0526-19 NY Times Crossword 26 May 19, Sunday

Constructed by: Ruth Bloomfield Margolin
Edited by: Will Shortz

Today’s Theme: Buzz Cut

Themed answers sound like common phrases, but a ZZ-sound has been CUT, and replaced with a SS-sound:

  • 23A Facebook friends weighing in on the new belly button ring? : JURY OF YOUR PIERCE (from “jury of your peers”)
  • 44A L’eggs brand bikini? : TWO-PIECE IN A POD (from “two peas in a pod”)
  • 70A Final scene of “Antony and Cleopatra”? : HISS AND HEARSE (from “his and hers”)
  • 96A Like a confirmed peacenik? : DOWN ON ALL FORCE (from “down on all fours”)
  • 120A “Our driveway has been incredibly slippery since the storm!”? : CAN’T BELIEVE MY ICE (from “can’t believe my eyes”)
  • 16D Parent’s fervent prayer to the school nurse? : TELL ME, “NO LICE” (from “tell me no lies”)
  • 64D Like a sick baby? : WARM AND FUSSY (from “warm and fuzzy”)

Read on, or jump to …
… a complete list of answers

Bill’s time: 20m 22s

Bill’s errors: 0

Today’s Wiki-est Amazonian Googlies

Across

1 Mythical hunter : DIANA

Diana was the Roman goddess of the hunt, the moon and birthing. The Greek equivalent of Diana was the goddess Artemis. According to Roman mythology, Diana was the twin sister of Apollo, and the daughter of Jupiter and Latona.

6 Curmudgeon : CRAB

“Curmudgeon” is a favorite word used by my wife to describe me. A curmudgeon is a bad-tempered person full of resentment and stubborn notions. I am sure she uses the term very affectionately …

10 Famous Musketeer : ATHOS

Alexandre Dumas’ “Three Musketeers” are Athos, Porthos and Aramis, although the hero of the novel is the trio’s young protégé D’Artagnan. A musketeer was an infantry soldier who was equipped with a musket. Funnily enough, the three “musketeers” really don’t use their muskets, and are better known for prowess with their swords.

20 Houston university : RICE

Rice University is a private school in Houston, Texas. William Marsh Rice had made a will endowing the funds for the establishment of the school at the time of his death. When he was found dead one morning in his bed, his lawyer announced that his will had been changed, with the bulk of Rice’s estate actually going to the lawyer making the announcement. Upon investigation, it was discovered that the lawyer had paid Rice’s valet to murder his employer using chloroform and a fake will was written. Eventually, the original will was deemed valid and the funds were disbursed so that the school could be built.

21 Bond film staple : CHASE

The character James Bond was the creation of writer Ian Fleming. Fleming “stole” the James Bond name from an American ornithologist. The number 007 was “stolen” from the real-life, 16th century English spy called John Dee. Dee would sign his reports to Queen Elizabeth I with a stylized “007” to indicate that the reports were for “her eyes only”. There’s an entertaining miniseries that aired on BBC America called “Fleming: The Man Who Would Be Bond” that details Ian Fleming’s military career, and draws some nice parallels between Fleming’s experiences and aspirations and those of his hero James Bond. Recommended …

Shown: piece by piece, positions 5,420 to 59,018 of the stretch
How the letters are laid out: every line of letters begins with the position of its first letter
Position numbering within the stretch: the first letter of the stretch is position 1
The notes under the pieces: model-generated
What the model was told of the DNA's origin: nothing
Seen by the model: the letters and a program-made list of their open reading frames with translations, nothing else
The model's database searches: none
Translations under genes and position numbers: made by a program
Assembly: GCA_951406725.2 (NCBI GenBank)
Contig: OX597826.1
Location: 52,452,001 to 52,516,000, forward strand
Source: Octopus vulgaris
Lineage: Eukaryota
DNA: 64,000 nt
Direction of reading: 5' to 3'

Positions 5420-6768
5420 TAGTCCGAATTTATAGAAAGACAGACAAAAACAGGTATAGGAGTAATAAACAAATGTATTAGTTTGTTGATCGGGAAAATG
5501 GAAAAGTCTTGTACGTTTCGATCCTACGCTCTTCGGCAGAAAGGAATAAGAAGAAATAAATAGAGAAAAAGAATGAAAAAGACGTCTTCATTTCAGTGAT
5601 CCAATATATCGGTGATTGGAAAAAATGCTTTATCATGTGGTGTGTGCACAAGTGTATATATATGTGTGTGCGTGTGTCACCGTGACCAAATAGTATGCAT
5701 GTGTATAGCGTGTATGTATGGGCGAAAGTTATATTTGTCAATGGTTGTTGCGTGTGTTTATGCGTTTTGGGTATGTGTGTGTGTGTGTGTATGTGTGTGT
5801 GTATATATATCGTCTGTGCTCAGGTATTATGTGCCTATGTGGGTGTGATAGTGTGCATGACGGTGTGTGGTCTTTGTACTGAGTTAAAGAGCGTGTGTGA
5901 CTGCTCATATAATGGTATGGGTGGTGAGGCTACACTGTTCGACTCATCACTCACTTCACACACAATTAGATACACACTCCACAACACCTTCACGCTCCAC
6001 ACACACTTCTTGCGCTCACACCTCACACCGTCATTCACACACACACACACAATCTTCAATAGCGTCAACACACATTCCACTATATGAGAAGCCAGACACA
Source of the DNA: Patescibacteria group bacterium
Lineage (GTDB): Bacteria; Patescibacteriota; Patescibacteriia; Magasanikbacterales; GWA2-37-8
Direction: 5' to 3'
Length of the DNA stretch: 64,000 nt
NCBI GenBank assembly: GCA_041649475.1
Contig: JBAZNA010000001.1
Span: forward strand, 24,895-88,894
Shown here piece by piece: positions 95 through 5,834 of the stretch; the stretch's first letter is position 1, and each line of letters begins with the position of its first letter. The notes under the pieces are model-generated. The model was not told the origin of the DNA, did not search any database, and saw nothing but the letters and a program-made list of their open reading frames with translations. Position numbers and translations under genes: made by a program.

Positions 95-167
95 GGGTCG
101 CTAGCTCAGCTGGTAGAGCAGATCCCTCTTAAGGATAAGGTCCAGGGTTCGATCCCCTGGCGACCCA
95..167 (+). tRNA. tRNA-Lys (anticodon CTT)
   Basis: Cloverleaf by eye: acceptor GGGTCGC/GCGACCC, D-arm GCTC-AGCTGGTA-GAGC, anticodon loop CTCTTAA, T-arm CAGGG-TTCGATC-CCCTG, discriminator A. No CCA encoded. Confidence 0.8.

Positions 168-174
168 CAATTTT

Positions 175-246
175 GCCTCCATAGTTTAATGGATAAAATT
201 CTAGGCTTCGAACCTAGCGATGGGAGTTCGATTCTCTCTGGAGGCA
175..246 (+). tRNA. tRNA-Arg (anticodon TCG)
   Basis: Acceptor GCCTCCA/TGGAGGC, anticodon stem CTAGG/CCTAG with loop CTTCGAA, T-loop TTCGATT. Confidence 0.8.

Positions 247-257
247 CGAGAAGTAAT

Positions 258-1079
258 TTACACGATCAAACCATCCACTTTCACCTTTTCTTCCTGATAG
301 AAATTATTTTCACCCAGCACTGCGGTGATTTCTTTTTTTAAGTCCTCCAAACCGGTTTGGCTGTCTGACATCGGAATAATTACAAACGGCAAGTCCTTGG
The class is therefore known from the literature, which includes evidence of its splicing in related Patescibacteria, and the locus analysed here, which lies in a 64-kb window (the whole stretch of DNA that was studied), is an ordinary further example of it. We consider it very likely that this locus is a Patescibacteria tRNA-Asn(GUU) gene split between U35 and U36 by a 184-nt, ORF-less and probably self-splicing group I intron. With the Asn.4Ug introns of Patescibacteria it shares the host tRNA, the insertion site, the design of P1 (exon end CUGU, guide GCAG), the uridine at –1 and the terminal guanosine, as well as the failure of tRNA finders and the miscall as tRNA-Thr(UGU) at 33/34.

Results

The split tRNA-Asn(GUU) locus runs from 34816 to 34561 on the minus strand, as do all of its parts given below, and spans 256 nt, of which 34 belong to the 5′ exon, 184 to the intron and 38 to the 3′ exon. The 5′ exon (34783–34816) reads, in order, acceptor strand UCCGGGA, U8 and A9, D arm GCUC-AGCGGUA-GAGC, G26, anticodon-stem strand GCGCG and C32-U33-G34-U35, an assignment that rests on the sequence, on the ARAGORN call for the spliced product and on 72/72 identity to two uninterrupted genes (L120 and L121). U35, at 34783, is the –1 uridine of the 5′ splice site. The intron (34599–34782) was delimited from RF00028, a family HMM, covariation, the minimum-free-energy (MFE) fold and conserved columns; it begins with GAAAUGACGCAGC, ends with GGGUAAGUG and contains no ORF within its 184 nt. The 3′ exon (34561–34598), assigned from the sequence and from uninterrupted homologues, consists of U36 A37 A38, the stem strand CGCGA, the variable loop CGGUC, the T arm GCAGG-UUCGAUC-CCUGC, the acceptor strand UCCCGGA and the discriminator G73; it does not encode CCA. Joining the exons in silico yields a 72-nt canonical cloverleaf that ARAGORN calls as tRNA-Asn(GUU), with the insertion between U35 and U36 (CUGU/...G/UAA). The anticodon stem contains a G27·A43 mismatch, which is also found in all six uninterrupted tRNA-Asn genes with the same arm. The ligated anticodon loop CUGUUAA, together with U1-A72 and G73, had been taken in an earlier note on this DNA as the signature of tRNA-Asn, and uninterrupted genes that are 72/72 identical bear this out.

22 “Other people,” per Sartre : HELL

“Huis Clos” means “behind closed doors” in French. It is the title of the Jean-Paul Sartre play that we in the English-speaking world would better recognize as “No Exit”. The play features four characters who are trapped in a room that they discover is actually located in Hell. One of the characters is Estelle Rigault, a society woman who married her husband for her money, and then has an affair that results in a child whom she murders. Heavy stuff! “No Exit” is the source for one of Sartre’s most famous quotations, “Hell is other people”, meaning that Hell isn’t found in torture or physical punishment, but in the torment inflicted by others.

26 Gymnast Korbut : OLGA

Olga Korbut is from modern-day Belarus, but was born during the days of the Soviet Union. Korbut competed for the USSR team in the 1972 and 1976 Olympic Games. She was 17 when she appeared in the 1972 Munich Games, and had been training in a sports school since she was 8-years-old. The world fell in love with her as she was a very emotional young lady, readily expressing joy and disappointment, something that we weren’t used to seeing in athletes from behind the Iron Curtain. Korbut immigrated to the US in 1991 and now lives in Scottsdale, Arizona.

29 Woodwind category : REED

Woodwind instruments are a subcategory of wind instruments that were traditionally made of wood, although some are now made from metal. There are two main classes of woodwind: flutes and reed instruments. Flutes produce sound by blowing air across the edge of a hole in a cylindrical tube. Reed instruments produce sounds by blowing into a mouthpiece, which then directs the air over a reed or reeds, causing them to vibrate.

30 Cellphone user’s choice : DATA PLAN

What we mostly know as a “cell phone” here in North America is more usually referred to as a “mobile phone” in Britain and Ireland. My favorite term for the device is used in Germany, where it is called a “Handy”.

35 Fish dish : SCROD

Scrod is the name given to fish that has been “scrawed” i.e. split open, dried and then broiled.

37 Princess who makes a plea via a hologram : LEIA